Casa Alpina San Marco
A 24-hour holiday, suitable for any of your ideas and stay proposals: relax, sport and entertainment!
Casa Alpina San Marco is located in a breathtaking natural scenery, where it is possible to admire a lovely panoramic view on the National Park of the Dolomites of Belluno, on the medieval town of Feltre, as well as on the San Vittore Basilica.
Chronicle of the Casa Alpina San Marco
Excerpt from the “Raccolta Colonia alpina San Marco in Norcen“
The Casa Alpina San Marco was established in 1898 – as the second residence in the Veneto region – on the initiative of the “Lega insegnanti veneziani” and on the wake of the several institutions that were spreading around Italy to support destitute infancy. The aim of this facility was “to send to alpine places, during the summer and autumn holidays, a certain number of children from Venice, were they poor, in good health, but of a sickly constitution, preferring those who came from families who had been suffering from tubercular illnesses, thus aiming at strengthening their bodies, and contributing to their normal physical development, as well as to their moral education”.
The transitional site was the town of Feltre, located in the premises of the council middle school (called Ginnasio). Already in 1898, about 40 teenagers could stay there for 33 days in the summer. The procedure employed did not change very much in the following decades: children were singled out by their teachers, then examined by the Official in charge of hygiene, weighed and washed before their departure and, finally, sent to Feltre by train. The young colonists were entitled to wear a uniform and assisted by some teachers and a local doctor.
During the first decade, in addition to the middle school in Feltre, other locations were chosen in S. Gregorio nelle Alpi, Vellai, Asolo, Possagno and Crespano, using private villas, religious institutes and a nursery. As the number of locations increased, so did the number of children assisted, but never more than 200, at least until the first two decades of the 20th century, since the recruitment policy selected only the poorest children, and acted, instead, on the effectiveness and the intensity of the climatic care. This care was based on the benefits offered by oxygenated air, the sun and a healthy diet. Considerable attention was paid to hygiene care and to respecting the discipline, according to the ethical codes at that time.
The permanent seat of the Colony was completed only in 1907, in Norcen (near Pedavena) by the Engineer Piero Bonsembiante, from Feltre, on a project by the Venetian Engineer Cesare Bianchini, which included a two-floor building for 90 students, the managerial and service staff, a kitchen and a sick bay. The sculptor Annibale De Lotto realized the lion “in moleca”, reproducing that of the Rialto factories, placed on the building’s façade. In addition to the contribution given by Venice City Council, the construction was made possible by the philanthropic donations given by wealthy families from Venice and, partly, from Feltre too. The opening ceremony took place on the July 23, with a welcome party which involved the whole town.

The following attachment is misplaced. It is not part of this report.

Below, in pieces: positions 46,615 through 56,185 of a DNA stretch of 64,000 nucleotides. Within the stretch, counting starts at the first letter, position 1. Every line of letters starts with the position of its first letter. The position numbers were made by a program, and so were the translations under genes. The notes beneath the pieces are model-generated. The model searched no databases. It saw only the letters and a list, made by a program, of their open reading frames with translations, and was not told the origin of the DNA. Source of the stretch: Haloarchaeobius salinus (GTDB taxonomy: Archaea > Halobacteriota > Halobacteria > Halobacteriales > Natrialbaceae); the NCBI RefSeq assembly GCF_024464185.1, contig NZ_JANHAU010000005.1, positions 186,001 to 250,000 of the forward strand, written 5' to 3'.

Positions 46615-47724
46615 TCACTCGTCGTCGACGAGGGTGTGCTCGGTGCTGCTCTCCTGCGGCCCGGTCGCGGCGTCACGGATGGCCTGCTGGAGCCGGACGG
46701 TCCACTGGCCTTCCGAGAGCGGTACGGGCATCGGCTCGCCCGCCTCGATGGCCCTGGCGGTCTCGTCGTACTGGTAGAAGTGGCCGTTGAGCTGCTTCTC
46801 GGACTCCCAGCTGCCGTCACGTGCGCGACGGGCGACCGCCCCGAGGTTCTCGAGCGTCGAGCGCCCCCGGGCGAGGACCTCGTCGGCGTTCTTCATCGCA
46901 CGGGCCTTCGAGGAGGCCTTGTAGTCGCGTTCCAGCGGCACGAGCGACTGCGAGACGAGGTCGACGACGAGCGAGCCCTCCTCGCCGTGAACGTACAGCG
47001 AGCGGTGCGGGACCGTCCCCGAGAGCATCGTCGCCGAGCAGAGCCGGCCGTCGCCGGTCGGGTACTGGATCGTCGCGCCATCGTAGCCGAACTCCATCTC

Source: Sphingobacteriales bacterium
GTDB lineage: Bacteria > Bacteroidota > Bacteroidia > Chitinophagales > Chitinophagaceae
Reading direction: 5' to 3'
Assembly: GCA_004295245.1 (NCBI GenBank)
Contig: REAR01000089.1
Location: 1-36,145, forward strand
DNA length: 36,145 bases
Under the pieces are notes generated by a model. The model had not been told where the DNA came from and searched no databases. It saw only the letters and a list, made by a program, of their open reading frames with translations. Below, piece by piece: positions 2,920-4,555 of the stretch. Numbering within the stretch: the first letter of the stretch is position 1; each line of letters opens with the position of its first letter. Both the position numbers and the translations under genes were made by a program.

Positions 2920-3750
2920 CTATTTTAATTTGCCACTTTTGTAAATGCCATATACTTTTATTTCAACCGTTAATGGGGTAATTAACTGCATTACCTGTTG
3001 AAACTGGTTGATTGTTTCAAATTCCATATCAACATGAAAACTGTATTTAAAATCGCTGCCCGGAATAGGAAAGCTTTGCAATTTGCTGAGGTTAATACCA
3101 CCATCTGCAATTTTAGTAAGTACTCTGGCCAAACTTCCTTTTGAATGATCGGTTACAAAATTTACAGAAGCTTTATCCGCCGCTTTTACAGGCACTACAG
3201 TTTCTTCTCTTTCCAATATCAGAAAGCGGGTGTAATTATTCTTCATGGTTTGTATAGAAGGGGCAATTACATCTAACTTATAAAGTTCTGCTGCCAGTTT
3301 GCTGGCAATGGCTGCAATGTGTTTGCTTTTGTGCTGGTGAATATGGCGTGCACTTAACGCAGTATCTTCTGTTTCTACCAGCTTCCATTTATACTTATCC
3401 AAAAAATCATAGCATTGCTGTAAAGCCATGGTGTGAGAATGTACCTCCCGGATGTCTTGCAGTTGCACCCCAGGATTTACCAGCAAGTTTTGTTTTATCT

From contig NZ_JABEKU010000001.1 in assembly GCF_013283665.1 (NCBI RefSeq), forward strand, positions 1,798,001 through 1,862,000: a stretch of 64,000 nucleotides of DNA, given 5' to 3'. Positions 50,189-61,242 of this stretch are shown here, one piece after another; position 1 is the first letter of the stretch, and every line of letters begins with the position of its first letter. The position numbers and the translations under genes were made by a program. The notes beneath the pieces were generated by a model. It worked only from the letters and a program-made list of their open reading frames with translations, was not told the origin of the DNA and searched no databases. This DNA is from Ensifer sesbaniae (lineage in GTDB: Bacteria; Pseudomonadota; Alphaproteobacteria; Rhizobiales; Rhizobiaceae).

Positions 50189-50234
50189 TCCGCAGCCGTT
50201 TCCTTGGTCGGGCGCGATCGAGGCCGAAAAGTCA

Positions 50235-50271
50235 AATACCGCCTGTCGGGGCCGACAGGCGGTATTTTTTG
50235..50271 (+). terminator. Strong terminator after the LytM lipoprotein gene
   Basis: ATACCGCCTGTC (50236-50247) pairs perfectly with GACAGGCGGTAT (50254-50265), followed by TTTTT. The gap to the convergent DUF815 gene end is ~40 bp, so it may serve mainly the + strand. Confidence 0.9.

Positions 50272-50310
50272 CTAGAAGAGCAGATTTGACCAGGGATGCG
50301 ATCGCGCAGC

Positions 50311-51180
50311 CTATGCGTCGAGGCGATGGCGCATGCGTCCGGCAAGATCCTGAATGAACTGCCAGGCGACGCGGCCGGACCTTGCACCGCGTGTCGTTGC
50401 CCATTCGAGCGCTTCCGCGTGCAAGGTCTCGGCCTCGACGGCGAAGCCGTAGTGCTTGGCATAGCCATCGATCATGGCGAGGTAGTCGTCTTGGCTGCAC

Since its origins, the San Marco Colony has benefited from the high patronage of S.M. the Queen Mother Margherita di Savoia. In 1910, it won the silver medal at the Universal and International Exhibition in Brussels. In 1912, it obtained a Diploma of Honour at the International Exhibition of social hygiene in Rome. In 1914, the Colony constituted itself as a moral entity, with its own independent administration committee, partly elected by Venice City Council, together with local business and notable representatives from Feltre, as well as doctors, such as Mario Bonsembiante and Luigi Alpago Novello. Already in 1913, another building was added in Feltre, in the San Paolo district, to the one already built in Norcen. During the Great War, both these headquarters were destined to the army and plundered by the soldiers during the Austrian occupation. Anyway, young Venetian pupils found hospitality in some climatic resorts in Florence and Modena.
In the summer 1919, the gates of the Colony were opened again and could welcome 50 children. In a few years, this number increased to 270 children, with 62-day-long holidays and double shifts for boys and girls. The following step led to the institution of a permanent colony: in 1927, thanks to large grant offered by Venice City Council, it was possible to guarantee the functioning of the organization throughout the year, providing also elementary education. The number of children assisted, spread between Norcen and Feltre, increased dramatically, reaching 791 nursing services in 1930.
The activity of the Colony continued even after the Second World War, until the mid ’70s. Later, this institution guaranteed only summer holidays. Since 1985, attention was paid to the elderly from the lagoon city and summer holidays were organized for them until 2007. Nowadays, our facility is ready to face new challenges on the social front, aimed at involving also the area around Feltre.